It would also be obvious to anyone familiar with the wound ballistics literature that blinding is not used in wound ballistics research.  Can you cite a single published wound ballistics study where blinding was used?  Perhaps you can get a letter published in J Trauma complaining that the wound ballistics studies of Fackler et al., Suneson et al., Goransson et al., and Wang et al. should have been blinded.  Do you think they will rejoice that you have caught an important error missed by their editors and peer-reviewers?  Should all the published findings of Fackler, MacPherson, Roberts, Wolberg, and everyone else be ignored because they did not conduct blind studies?

You are so keen on removing “outliers” that one wonders how many papers you have published utilizing this technique.  I can point to a number of papers I have published in peer-reviewed journals where no outliers were removed from the data.  Perhaps you will be kind enough to point to a few of your own peer-reviewed publications utilizing your technique of removing outliers.

The bottom line is that the deer paper supports the idea of hydrostatic shock with three distinct lines of reasoning.  Even if one of the lines of support only has an 80% confidence level, the paper supports the reality of hydrostatic shock at handgun energy levels.  

Or would you argue that “hydrostatic shock” is a myth after all if one of 26 cited papers only has an 80% confidence level in support for the pressure wave hypothesis?

Michael Courtney
Link Posted: 4/2/2008 5:18:37 PM EDT
I have neither the mathematics, the scientific or medical background to go toe to toe with either side of this issue or even to determine which side is correct by reading the works of both sides.

Because of the above I consider hydrostatic shock kind of like icing on the cake.  I don't rely on it, but if it happens I'll take it and be thankful.  The cake being direct crush damage and a permanent wound cavity.

But I sure enjoy the discussions as long as it stays civil.
Link Posted: 4/2/2008 7:41:32 PM EDT
Mr Courtney,

I would be interested in knowing which calibers/loads you found to be most effective at producing hydrostatic shock.  Is that published somewhere?  Thanks.
Link Posted: 4/4/2008 3:29:49 AM EDT
[Last Edit: 4/4/2008 3:30:52 AM EDT by RWJ1985]
Interesting.
Link Posted: 4/4/2008 3:54:38 AM EDT
The general formula for estimating pressure wave magnitudes of JHP pistol bullets is

p = 5E/(pi d),

where p is the peak pressure wave (in PSI), E is the impact energy (in ft-lbs), and d is the penetration depth in gelatin (in feet).  At any given level of penetration, more energy is a good thing.

Some of our papers (references in the Hydrostatic Shock article) have tables in the back for a number of loads.  The guys at GlockTalk have applied this formula to a number of loads.

From: http://glocktalk.com/forums/showthread.php?t=827375


Here's the info on Double Tap and Winchester ammo. KE = kinetic energy in foot-pounds, P = penetration depth in inches, E = expanded bullet diameter in inches, psi = peak ballistic pressure wave in pounds to the square inch, and ci = cubic inches of wound volume for the whole penetration depth listed, not accounting for any damage outside the direct bullet path, if any exists. Velocities are shown in feet/second. All penetration depths are based on clothed gel.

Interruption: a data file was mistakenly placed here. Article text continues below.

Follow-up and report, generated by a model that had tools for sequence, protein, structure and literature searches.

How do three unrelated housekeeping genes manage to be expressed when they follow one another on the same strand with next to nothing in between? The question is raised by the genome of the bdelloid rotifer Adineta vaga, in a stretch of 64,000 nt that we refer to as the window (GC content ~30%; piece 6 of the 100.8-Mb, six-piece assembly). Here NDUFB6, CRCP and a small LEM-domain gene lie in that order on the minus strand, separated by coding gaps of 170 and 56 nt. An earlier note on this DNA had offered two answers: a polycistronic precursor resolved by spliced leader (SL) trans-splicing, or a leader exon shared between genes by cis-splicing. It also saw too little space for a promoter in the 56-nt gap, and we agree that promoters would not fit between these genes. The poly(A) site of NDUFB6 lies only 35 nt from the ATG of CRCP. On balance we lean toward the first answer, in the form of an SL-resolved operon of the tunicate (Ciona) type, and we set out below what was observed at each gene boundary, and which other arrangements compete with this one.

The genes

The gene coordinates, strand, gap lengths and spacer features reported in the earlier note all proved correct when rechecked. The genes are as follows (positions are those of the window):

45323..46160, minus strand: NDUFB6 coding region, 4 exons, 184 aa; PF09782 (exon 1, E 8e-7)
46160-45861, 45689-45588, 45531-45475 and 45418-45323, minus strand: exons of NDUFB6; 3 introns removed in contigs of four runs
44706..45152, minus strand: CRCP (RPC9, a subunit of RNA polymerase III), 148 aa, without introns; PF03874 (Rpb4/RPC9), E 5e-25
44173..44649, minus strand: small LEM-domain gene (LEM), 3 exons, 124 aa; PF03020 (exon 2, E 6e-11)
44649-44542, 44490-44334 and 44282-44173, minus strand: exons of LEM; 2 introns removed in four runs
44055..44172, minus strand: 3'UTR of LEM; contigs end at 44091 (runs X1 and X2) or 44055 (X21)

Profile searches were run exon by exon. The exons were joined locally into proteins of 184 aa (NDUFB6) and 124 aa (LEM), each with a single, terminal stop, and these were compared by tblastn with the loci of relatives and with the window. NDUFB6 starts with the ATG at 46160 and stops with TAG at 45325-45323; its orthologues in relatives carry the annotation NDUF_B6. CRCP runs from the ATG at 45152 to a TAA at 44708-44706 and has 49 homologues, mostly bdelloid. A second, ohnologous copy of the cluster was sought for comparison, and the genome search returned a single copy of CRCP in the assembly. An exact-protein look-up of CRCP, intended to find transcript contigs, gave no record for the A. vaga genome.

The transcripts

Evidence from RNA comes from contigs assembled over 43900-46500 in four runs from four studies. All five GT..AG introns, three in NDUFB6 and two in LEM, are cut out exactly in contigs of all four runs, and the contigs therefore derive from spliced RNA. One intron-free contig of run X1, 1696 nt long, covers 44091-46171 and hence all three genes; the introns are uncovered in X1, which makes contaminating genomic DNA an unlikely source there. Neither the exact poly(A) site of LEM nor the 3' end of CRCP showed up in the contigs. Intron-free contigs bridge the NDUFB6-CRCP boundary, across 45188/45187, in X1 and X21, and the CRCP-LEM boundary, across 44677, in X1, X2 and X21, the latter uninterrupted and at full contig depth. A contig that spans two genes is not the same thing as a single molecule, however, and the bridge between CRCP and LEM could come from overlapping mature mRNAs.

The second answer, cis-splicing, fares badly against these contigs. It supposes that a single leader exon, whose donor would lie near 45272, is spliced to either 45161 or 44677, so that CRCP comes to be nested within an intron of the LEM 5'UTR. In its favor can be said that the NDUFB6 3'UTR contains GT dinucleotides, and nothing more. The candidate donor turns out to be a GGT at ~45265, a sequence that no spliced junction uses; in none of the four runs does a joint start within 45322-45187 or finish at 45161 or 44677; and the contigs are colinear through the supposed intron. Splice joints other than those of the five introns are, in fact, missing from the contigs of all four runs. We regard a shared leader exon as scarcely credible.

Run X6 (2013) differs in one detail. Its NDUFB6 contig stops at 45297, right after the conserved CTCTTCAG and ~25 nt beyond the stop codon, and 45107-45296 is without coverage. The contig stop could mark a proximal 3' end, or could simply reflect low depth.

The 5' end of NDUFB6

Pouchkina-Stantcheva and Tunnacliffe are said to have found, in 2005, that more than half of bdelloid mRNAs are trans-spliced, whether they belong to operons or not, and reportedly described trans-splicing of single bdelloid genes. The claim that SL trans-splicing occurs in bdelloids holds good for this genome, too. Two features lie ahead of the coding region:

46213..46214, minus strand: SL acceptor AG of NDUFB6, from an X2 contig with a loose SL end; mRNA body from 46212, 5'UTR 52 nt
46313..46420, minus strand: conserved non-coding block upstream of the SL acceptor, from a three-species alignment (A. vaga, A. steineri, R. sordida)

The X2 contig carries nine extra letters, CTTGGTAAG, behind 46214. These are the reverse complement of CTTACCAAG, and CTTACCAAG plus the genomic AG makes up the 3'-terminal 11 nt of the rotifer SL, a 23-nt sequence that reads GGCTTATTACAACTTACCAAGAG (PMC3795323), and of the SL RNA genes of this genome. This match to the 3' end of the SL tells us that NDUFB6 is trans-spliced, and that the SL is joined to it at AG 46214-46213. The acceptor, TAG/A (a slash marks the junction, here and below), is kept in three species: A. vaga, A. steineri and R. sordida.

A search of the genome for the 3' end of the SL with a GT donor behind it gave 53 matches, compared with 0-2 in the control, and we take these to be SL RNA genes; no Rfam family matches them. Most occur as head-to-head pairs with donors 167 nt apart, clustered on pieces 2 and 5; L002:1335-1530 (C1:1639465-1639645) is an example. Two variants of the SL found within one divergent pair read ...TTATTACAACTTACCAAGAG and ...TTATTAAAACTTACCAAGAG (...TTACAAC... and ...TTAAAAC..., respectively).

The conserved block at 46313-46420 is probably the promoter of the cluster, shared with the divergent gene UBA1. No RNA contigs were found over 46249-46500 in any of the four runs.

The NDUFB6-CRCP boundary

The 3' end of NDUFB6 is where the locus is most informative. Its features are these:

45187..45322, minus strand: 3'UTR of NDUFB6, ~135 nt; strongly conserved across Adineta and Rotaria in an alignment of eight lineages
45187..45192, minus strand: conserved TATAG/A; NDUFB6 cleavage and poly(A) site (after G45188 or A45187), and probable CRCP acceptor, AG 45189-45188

Win 380auto T Series, 95gr, 1000fps, KE=211, P=7.95, E=.64, 2.6ci, 507psi

DT 9mm+P Gold Dot, 115gr, 1415fps, KE=511, P=12.00, E=.70, 4.6ci, 813psi
DT 9mm+P Gold Dot, 124gr, 1310fps, KE=472, P=13.25, E=.70, 5.1ci, 684psi
Win9mm+P T Series, 124gr, 1180fps, KE=383, P=13.90, E=.67, 4.9ci, 526psi
Win 9mm+P Bonded, 124gr, 1180fps, KE=383, P=18.70, E=.54, 4.3ci, 392psi
Win9mm+P+TSeries, 127gr, 1250fps, KE=441, P=12.20, E=.68, 4.4ci, 691psi
DT 9mm+P Gold Dot, 147gr, 1125fps, KE=413, P=14.00, E=.66, 4.8ci, 563psi
Win 9mm T Series,,,,, 147gr, 990fps, KE=320, P=14.50, E=.66, 5.0ci, 422psi
Win 9mm Bonded,,,,,, 147gr, 995fps, KE=323, P=16.50, E=.59, 4.5ci, 374psi

DT 357SIG Gold Dot, 115gr, 1550fps, KE=613, P=12.25, E=.71, 4.9ci, 955psi
DT 357SIG Gold Dot, 125gr, 1450fps, KE=584, P=14.50, E=.66, 5.0ci, 770psi
Win357SIG T Series, 125gr, 1350fps, KE=506, P=12.10, E=.66, 4.1ci, 798psi
Win357SIG Bonded,, 125gr, 1350fps, KE=506, P=15.90, E=.57, 4.1ci, 608psi
DT 357SIG Gold Dot, 147gr, 1250fps, KE=510, P=14.75, E=.73, 6.2ci, 661psi

DT 357mag Gold Dot, 125gr, 1600fps, KE=710, P=12.75, E=.69, 4.8ci, 1063psi
DT 357mag Gold Dot, 158gr, 1400fps, KE=688, P=19.00, E=.56, 4.7ci, 692psi

DT 9X25 Gold Dot, 115gr, 1800fps, KE=827, P=10.00, E=.64, 3.2ci, 1579psi
DT 9X25 Gold Dot, 125gr, 1725fps, KE=826, P=15.00, E=.74, 6.5ci, 1051psi
DT 9X25 Gold Dot, 147gr, 1550fps, KE=784, P=17.50, E=.68, 6.4ci, 856psi

DT 40S&W Nosler,,,, 135gr, 1375fps, KE=567, P=12.10, E=.72, 4.9ci, 894psi
DT 40S&W Gold Dot, 155gr, 1275fps, KE=559, P=13.00, E=.76, 5.9ci, 825psi
DT 40S&W Gold Dot, 165gr, 1200fps, KE=528, P=14.00, E=.70, 5.4ci, 721psi
Win40S&W T Series, 165gr, 1140fps, KE=476, P=13.20, E=.70, 5.1ci, 690psi
Win 40S&W Bonded, 165gr, 1140fps, KE=476, P=19.00, E=.55, 4.5ci, 479psi
DT 40S&W Gold Dot, 180gr, 1100fps, KE=484, P=14.75, E=.68, 5.4ci, 626psi
Win40S&W T Series, 180gr,, 990fps, KE=392, P=14.30, E=.70, 5.5ci, 524psi
Win 40S&W Bonded, 180gr, 1070fps, KE=458, P=21.80, E=.51, 4.5ci, 402psi

DT 10mm Nosler,,,, 135gr, 1600fps, KE=767, P=11.00, E=.70, 4.2ci, 1332psi
DT 10mm Gold Dot, 155gr, 1475fps, KE=749, P=13.50, E=.88, 8.2ci, 1061psi
DT 10mm G. Saber, 165gr, 1425fps, KE=744, P=14.75, E=.82, 7.8ci, 964psi
DT 10mm Gold Dot, 165gr, 1400fps, KE=718, P=14.25, E=1.02, 11.6ci, 962psi
DT 10mm Gold Dot, 180gr, 1300fps, KE=675, P=15.25, E=.96, 11.0ci, 846psi